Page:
Booking trans-Atlantic travel may have you echoing “Butch Cassidy and the Sundance Kid” when you see Norwegian Air (NAS.OL) prices well under $200 one way.
“Round trip to Europe for HOW MUCH? Who ARE those guys?”
Today’s flights are among the cheapest in history, as a confluence of heavy competition, low fuel prices, and low interest rates worked together to open up the world.
Norwegian has been at the forefront of the model, consistently at the bottom end of the trans-Atlantic price spectrum, but with shiny new aircraft at marquee airports. The publicly-traded Oslo-based airline has an impressive fleet of 236 new, fuel-efficient planes, an enormous catalog of destinations around the globe and an exciting “pay for what you want” business model that customers seem to like.
Most low-cost, point-to-point airlines (without a hub) have focused on short-haul travel, because, as one analyst told Yahoo Finance, fuel costs the same for everyone — including low-cost airlines and private jets — and the longer the flight the more fuel you use.
But Norwegian, led by CEO Bjørn Kjos, gambled on taking the business model long-haul, and currently shuttles 36 million passengers around the world. (This is approximately the size of JetBlue.)
The company isn’t brand new — it was founded in 1993 — but its rapid expansion and major investment has put it into an interesting position from a financial perspective, and for anyone who likes cheap travel.
One question investors, travelers and other stakeholders have is whether the airline can survive the industry. Financially, the airline is in a tough situation, with negative earnings likely until 2021, its financial statements estimate. Until then, there isn’t much room for error. If the airline’s assets minus liabilities (a measure called “shareholders’ equity” or “book value”) drops under 1.5 billion Norwegian kroner in the first half of 2019, a bond covenant would be triggered and creditors would have the right to recall outstanding debt.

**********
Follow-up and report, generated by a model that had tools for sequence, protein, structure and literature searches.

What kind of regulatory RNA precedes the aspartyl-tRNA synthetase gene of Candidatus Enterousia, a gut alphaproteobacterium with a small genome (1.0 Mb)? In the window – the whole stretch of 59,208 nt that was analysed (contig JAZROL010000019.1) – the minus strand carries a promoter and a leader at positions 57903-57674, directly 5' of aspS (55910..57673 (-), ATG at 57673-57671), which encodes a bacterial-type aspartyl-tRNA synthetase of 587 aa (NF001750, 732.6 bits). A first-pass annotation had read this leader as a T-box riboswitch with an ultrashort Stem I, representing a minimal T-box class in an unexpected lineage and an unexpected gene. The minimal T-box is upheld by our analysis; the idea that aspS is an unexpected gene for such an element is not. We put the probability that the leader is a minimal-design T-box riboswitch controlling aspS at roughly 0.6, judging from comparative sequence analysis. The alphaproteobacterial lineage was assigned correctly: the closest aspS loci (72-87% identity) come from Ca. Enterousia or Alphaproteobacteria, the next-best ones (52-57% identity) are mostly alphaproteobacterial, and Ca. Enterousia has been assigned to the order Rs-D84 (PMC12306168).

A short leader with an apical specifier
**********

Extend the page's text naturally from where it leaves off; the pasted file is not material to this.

It’s possible there will be enough, given that book value was 5.3 billion kroner ($616 million US) in Q3 2018. But according to a note from Bernstein’s Daniel Roeska, the airline faces some obstacles on its way to long-term success, including growing that buffer by 500 million NOK by the end of the Q1 2019. Furthermore, it hedged fuel for 2019 right before oil prices fell, so it won’t be able to benefit. During the last available quarter’s earnings, Kjos said growth plans would slow down.
All of this makes Norwegian one of the most interesting stories to watch in aviation in 2019. After takeover possibilities from International Airlines Group, which owns British Airways, Iberia, and more, seem to have stalled, the path to success has narrowed and there is the possibility of failure and restructuring, a sad potential end to an airline that may have flown too close to the sun.
But if the company succeeds navigating through its growing pains, passengers could end up with quality, trans-Atlantic experiences at low-cost prices — and a more competitive marketplace. So far, these have helped put downward pressure on prices.
As Robert Mann, an independent airline analyst told Yahoo Finance, the winter months are typically the toughest. According to Mann, cash receipts from advance booking start coming in toward the last half of March. “January and February are typically the worst operating financial months,” he said.